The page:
To break out of this, the first is to focus on leadership and how to drive change. Many are looking to drive change locally in the function or department that they are part of. In practice, this is really hard because of all the interdependencies. As a consequence, the large coordination game starts where change advocates try to align with other functions and departments to try to initiate the change at the same time. This often leads to the “whack-a-mole” problem where you constantly have 80% lined up and a constantly changing 20% is resisting. By the time you have convinced part of the 20%, somewhere else a problem pops up and you’re back to 80% ready.
In my experience, it is much better to try to create a “small vertical slice” where all relevant aspects of a change, ranging from business model to technology and from sales to customer support are brought together around a new, innovative offering to prove out the new way of working. The role of leadership is to identify the slice with minimal interaction with the rest of the organization, to staff it with people that have the right mindset and then to protect them from the onslaught of distractions from the rest of the organization.
The second aspect is concerned with personal responsibility. George Bernard Shaw famously said, “The reasonable man adapts himself to the world; the unreasonable one persists in trying to adapt the world to himself. Therefore all progress depends on the unreasonable man.” So, oftentimes being Mr. or Mrs. Nice Guy/Gal is just not going to cut it in times of change. You need ignore the naysayers, the folks telling you to stay on the team and the people criticizing you and just push your ideas forward despite everything.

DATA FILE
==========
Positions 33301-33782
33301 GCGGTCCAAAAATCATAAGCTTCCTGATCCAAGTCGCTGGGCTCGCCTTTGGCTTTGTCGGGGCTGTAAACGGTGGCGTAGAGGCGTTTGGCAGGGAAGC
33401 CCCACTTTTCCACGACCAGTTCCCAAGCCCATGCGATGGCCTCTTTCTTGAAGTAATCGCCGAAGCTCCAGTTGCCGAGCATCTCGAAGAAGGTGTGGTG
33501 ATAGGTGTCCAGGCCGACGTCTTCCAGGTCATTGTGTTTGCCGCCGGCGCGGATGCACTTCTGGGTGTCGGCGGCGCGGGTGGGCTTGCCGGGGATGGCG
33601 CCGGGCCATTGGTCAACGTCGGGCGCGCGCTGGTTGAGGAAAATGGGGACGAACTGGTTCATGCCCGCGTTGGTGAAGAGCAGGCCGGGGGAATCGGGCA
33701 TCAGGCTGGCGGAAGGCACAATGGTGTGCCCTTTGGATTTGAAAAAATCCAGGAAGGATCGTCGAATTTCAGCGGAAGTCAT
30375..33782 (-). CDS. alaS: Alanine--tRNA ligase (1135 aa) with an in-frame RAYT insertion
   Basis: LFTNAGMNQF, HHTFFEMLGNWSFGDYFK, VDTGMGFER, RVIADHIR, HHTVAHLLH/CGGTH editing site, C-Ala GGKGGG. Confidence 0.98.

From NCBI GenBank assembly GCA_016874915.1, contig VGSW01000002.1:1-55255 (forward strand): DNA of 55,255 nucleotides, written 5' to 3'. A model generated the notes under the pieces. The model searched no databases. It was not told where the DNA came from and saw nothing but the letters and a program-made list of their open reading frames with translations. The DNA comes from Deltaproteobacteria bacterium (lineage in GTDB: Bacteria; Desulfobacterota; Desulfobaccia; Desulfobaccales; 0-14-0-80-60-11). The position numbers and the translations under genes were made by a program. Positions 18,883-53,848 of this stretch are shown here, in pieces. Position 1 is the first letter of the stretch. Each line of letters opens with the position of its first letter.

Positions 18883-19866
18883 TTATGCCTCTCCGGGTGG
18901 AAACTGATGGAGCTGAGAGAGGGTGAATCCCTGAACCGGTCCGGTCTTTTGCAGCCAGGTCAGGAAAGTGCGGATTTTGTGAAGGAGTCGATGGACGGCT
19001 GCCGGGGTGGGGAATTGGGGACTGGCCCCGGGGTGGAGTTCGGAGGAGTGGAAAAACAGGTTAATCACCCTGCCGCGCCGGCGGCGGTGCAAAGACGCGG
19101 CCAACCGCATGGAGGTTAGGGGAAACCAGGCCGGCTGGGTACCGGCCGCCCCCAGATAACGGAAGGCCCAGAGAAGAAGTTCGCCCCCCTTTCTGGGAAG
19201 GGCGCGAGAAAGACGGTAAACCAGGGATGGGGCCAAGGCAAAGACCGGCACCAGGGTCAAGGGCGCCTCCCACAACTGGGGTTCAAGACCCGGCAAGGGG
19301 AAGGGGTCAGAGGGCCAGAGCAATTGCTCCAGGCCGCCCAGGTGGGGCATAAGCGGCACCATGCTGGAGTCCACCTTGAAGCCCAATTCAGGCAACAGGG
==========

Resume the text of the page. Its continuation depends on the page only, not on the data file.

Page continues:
The third aspect is to reflect on your own behavior. If you notice yourself reacting negatively to some change happening in your context, rather than trying to shut down whatever is being proposed, first reflect on your own emotional reaction. Is the proposed change really a bad idea or is it simply different from how things were done in the past. And if that is the case, is it a step in the right direction, at least somewhat? And even if it isn’t, can it help loosening up the resistance to change? Perhaps the right thing to do is to simply get out of the way of the people trying to make some change happen.
Concluding, in my experience, individuals in industries that are subject to rapid change are not the ones resisting, but rather it is the organization, processes, architectures and incentives. This lead to a situation where nothing can change unless everything changes at the same time, which is simply impossible. Instead, leaders need to identify “vertical slices” where something novel can be created in an end-to-end context, staff with the right people and protect the team. As individuals, we need to be unreasonable at times and to get out of the way of people that are being unreasonable for the right reasons. As Jack Welch famously said: Change before you have to. So don’t wait until it’s too late. Change is hard, but change is good.